Saturday 24 October 2015

Parkers Arms, Lancashire

Since Jay Rayner told the world about the pleasures of pie perfection at Parkers Arms (here), often alone in the kitchen, chef Stosie Madi has been hand raising her hot-water pastry like a woman possessed. However, fantastic as they are, there is a lot more to Parkers Arms than just pies.

Before I tell you about the wonderful food I ate there recently, let me tell you about "Benidorm-man", "Pug-woman" and the case of a dodgy TripAdvisor “review”.

Earlier in the day, my wife had read something to me that she found online about etiquette and roast dinners. Whilst I can’t recall all of the details, I do remember that it included the fact that gravy should never be poured. Only common people pour their gravy (you know, the type who frequent Benidorm). Gravy should always be served with a ladle!

I also remember that this got me fancying a roast dinner. We decided to pay a visit to an old favourite, Parkers Arms. Active on social media and renowned for providing generous #TweetTreats to those who follow, interact and spread the love, I tweeted @ParkersArms to see if they had availability. I was told late afternoon would be fine.

We arrived just after 3pm, about the same time as a party of four (6); two couples and their pugs. I’m sorry dog lovers, but pugs are truly horrendous little things – at least these ones were… although they had them on leads, they were allowed enough rope to constantly scrabble around under our table with their squashed up faces and heavy breathing (just to make clear, I’m talking about the two dogs, not the women).

Now, the Parkers website states, IN BOLD, that ‘NB ROASTS NOT AVAILABLE AFTER 3PM’ – still, I hoped that maybe there was a little left. So it seemed did the elder of the two pug-women; the partner of the above “reviewer” (amateur food critic? Twat?).

Sat at the table next to us I could hear their conversations clearly all afternoon and more offputtingly, I could see Old Pug-Woman’s sulky face throughout the meal and she sat like a petulant child and ate nothing because there was not a single thing on the menu she liked, apart from pies… although not the Parkers’ pie of the day because it included mushrooms and, naturally… she didn’t like mushrooms.

Their “Twatadvisor” profile also reveals that they don’t like the excellent Hawksmoor (which also warrants just one star) and that they are clearly much happier in Benidorm.

Although not referred to by name, I watched and heard the interactions between proprietors, Kathy and AJ, and Benidorm-man and Old Pug-woman. AJ, is one of the most natural and charming front of house people in the industry, (recently recognised at one of the best in the North West hospitality by the Good Food Guide) and at no point did he ‘just walk away’ as Benidorm-man said in his far from honest ‘critique’.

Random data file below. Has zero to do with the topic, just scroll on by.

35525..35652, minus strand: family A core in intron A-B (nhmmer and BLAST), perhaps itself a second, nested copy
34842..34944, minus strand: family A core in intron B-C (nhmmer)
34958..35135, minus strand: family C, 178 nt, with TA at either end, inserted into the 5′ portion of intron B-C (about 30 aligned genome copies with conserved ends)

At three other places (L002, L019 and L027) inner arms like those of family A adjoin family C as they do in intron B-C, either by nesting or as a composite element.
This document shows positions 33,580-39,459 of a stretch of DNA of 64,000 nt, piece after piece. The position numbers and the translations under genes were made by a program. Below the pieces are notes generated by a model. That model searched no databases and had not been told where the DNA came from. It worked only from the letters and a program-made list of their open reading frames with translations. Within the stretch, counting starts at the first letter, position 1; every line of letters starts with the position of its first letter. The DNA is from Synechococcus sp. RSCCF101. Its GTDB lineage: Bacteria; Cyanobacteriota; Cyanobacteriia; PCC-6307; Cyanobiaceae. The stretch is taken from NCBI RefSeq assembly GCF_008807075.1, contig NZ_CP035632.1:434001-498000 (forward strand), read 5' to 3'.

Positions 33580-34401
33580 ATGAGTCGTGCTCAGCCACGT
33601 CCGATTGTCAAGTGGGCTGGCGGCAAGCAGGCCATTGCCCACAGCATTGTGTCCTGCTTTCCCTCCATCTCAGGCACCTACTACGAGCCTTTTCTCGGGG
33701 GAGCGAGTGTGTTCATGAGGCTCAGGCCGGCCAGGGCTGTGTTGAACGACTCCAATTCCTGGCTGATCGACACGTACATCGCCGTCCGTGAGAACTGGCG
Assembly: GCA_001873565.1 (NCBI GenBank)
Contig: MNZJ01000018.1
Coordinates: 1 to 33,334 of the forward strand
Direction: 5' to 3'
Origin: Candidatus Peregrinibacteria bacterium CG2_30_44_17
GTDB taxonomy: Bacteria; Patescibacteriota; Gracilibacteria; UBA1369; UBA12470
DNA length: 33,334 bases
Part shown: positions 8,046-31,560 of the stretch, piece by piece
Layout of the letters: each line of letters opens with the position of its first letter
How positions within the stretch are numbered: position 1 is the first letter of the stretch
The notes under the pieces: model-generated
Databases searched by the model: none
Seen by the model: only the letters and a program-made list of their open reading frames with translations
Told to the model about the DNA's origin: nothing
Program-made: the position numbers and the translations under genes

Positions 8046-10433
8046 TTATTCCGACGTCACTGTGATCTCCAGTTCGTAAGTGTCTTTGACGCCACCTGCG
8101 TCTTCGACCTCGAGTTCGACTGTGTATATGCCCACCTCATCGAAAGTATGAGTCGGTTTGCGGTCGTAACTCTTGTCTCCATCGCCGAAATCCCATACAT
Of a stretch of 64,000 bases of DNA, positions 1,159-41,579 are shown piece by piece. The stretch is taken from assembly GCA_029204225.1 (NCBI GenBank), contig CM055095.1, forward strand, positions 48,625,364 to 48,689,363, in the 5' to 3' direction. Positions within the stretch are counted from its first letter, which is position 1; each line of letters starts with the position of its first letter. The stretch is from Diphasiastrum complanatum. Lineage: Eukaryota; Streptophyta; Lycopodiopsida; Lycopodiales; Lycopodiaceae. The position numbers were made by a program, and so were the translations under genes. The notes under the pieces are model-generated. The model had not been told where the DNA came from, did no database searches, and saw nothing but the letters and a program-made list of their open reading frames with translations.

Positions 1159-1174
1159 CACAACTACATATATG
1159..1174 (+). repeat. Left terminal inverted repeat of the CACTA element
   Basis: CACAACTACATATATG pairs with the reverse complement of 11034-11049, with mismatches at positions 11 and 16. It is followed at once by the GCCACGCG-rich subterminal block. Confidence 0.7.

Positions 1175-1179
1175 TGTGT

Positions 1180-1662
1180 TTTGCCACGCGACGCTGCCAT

From what I overheard, neither did Benidorm-man raise the issue with his dining companions or mention the cooking of the lamb as he seemingly happily ate it.
The first indication there was “a problem” was when Kathy came to clear the plates.  

From my vantage point I couldn’t see them lamb to see if it was cooked “rare”, mainly because he had eaten all but perhaps one bite of it! Now I know little of Benidorm-man himself, but I suggest he knows as much about what “medium” means in cooking terms as he does about the locations of the shift and full stop keys on his computer.

Anyway, whilst Old Pug Woman was sat with a face like a slapped arse because they didn’t have a roast or a pie to her liking, and Benidorm-man was trying to bag himself a free lamb steak, I was enjoying plate after plate of the most delicious, creative and delightfully diverse “pub food” I’ve had in recent memory.

At the bar, we started with a trio of dips; some heavenly smoked cod’s roe, salsa and hummus with crudities and a basket of Parkers house baked breads and, my favourite, salt baked potato skins.

At out table by the fire, these was followed by a series of small plates. The fist of which was an individual Ham hock terrine with parkers excellent piccalilli.

Next came Grilled sardines with a stunning gooseberry and mint relish. The relish was one absolutely fantastic. The tartness of the gooseberries balanced perfectly with sweetness of the onion relish and lifted by mint to make a perfect pairing with the oily sardines.